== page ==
How To Get Insurance For Your DIY Camper Van

In this post I’ll be talking about why you should have insurance on your camper van, how to get insurance on your camper van, how to title your van as an RV, who I ultimately chose to insure my van and why I specifically chose them.

You’ve spent a lot of time and money building out your dream home on wheels; it’s only natural that you want to make sure all of that time and money wasn’t wasted should anything happen to your van along the way. One goal of vanlife is to maximize your adventures and experiences, so it’s important to be prepared for anything. Houses, cars and personal property are insured for theft, unforeseeable circumstances and accidents…so your van should be too!

Let’s be honest, insuring your van isn’t exactly the most exciting facets of vanlife. However, getting insurance on your van is a necessary part of the process so you can hit the road with the peace of mind knowing your van is covered in the event that something goes wrong. I’ve seen a good friend total their van when they hit an elk and luckily they were insured for the full value of their van and build out. Insuring your vehicle in the event of a theft or accident ensures you will be able to continue vanlife, no matter what issues arise on the road ahead.

Living in a van comes with a different set of challenges than a “sticks and bricks” home – whether it’s finding a safe place to sleep, seeking out a hot shower, repairs & maintenance, or simply finding wifi or cell signal to get some work done. One of the first challenges you might encounter is finding someone to insure your van. Unfortunately, most standard insurance companies haven’t really caught on to vanlife and don’t yet have solutions for self-built camper vans.

At this point you might be asking yourself, what’s the difference between simply getting auto insurance vs. getting RV insurance or camper van insurance? The main difference between standard auto insurance and RV insurance is that RV insurance insures the build out of your rig in addition to the liability and collision coverage you’d get with a standard auto policy.  In some cases an RV policy can even cover personal property such as furniture, camping equipment, and other belongings inside the vehicle.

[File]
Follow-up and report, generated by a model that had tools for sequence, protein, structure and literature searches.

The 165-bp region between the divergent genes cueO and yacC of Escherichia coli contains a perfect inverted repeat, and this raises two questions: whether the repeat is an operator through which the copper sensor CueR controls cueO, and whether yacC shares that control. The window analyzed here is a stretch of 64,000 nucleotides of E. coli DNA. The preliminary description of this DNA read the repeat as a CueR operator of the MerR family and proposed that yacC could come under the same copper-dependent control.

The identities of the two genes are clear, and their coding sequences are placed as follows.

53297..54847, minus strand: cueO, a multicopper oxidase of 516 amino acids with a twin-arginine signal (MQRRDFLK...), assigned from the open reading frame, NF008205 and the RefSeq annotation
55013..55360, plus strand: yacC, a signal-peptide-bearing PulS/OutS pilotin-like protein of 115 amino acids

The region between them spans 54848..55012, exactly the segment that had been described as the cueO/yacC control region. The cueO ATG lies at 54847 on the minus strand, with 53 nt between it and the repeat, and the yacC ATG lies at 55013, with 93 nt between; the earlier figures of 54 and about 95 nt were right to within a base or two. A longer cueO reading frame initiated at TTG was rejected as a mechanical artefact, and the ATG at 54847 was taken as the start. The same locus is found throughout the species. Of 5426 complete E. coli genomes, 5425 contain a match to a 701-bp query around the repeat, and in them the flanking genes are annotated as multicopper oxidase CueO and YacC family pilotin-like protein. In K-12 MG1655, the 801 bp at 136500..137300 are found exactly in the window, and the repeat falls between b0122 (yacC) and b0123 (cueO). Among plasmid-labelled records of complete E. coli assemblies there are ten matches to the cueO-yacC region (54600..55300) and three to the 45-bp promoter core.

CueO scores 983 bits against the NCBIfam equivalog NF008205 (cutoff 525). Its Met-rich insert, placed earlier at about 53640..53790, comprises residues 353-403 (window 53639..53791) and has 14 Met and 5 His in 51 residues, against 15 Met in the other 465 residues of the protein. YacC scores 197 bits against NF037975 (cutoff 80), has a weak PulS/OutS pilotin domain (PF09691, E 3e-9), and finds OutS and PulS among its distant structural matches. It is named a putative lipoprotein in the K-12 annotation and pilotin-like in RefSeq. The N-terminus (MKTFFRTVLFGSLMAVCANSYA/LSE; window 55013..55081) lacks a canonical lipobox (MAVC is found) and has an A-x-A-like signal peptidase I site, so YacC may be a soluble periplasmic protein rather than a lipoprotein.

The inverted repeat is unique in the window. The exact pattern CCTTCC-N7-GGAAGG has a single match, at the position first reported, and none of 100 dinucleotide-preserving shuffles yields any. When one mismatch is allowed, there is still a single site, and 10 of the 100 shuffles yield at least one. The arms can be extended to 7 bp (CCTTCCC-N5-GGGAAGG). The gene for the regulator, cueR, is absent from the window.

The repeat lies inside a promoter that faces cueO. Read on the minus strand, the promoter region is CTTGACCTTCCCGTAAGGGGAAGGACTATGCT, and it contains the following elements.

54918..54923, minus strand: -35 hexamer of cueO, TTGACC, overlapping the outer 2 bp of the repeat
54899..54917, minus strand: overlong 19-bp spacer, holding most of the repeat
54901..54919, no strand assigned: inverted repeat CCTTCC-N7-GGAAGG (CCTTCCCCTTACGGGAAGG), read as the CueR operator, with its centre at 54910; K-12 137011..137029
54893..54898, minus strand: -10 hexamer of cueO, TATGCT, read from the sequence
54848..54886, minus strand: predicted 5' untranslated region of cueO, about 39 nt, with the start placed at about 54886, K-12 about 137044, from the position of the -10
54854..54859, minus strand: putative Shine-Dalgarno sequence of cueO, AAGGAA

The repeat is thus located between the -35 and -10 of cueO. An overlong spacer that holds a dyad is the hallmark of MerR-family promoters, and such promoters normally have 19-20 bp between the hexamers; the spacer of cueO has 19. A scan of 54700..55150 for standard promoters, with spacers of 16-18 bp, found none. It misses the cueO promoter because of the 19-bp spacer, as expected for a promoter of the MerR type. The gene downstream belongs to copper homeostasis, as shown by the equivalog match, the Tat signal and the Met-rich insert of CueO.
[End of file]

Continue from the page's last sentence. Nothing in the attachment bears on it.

Technically a camper van is a “class B RV”, but the problem with RV insurance is that it’s usually only for RV’s specifically built by large corporate build companies like Thor or Winnebago. For custom built and DIY camper vans, you’re going to need something a little more tailored to “vanlife”. I recommend shopping around and talking to agents so you can find the policy that best fits your needs and “understands” the DIY camper van world.

I’ve already shopped around and have found one of the best solutions for insuring your camper van on the market. Before I get into the boring steps of how to get insurance for your campervan, I want to save you a little bit of time and let you know why I ended up choosing Roamly, the company that I ultimately decided to insure my camper van with.

Get a quote from Roamly

Roamly is a subsidiary of Outdoorsy. If you don’t know about Outdoorsy, it’s an platform similar to Airbnb or Turo that allows you to rent your camper van or RV for extra cash. This is important to know because Outdoorsy (and thus Roamly) actually understands vanlife and the needs of vanlifers.

I found that Roamly was the best insurance option on the market specifically for vanlifers and skoolies for a few reasons.

First of all, Roamly’s policies were the most competitively priced (I also called Allstate and State Farm) but more importantly, they were the most flexible in terms of working with me on what they required to get the policy bound.

Get a quote from Roamly

Second, Roamly was by far the easiest solution and had the least amount of hoops I had to jump through. Roamly is the only insurance carrier in the country that is insuring self-built (DIY) vans* that aren’t built by a professional van building company. Every other insurance company that I spoke to wanted an invoice from a professional van building company or an established RV company. Other companies I talked to simply didn’t offer insurance (Geico & Progressive) for converted cargo vans or kicked back the policy when they realized that my van was a self-built camper van. Other companies, (Allstate and State Farm) wanted way too much in terms of paperwork and photos and they were only willing to insure vans built by professional, established van building companies. The process with Roamly was super simple and the agent Melissa was very sharp and extremely familiar with vanlife and had all the answers to my questions.

Lastly, another huge bonus benefit of insuring through Roamly is that they are able to provide van/RV owners with a personal policy that allows them to rent out their van on a rental platform (Outdoorsy for example). Most personal insurance carriers have exclusions in the policy documents saying that you void your personal insurance policy if you rent out your vehicle even though the rental platform is what actually covers anything that were to happen during the rental.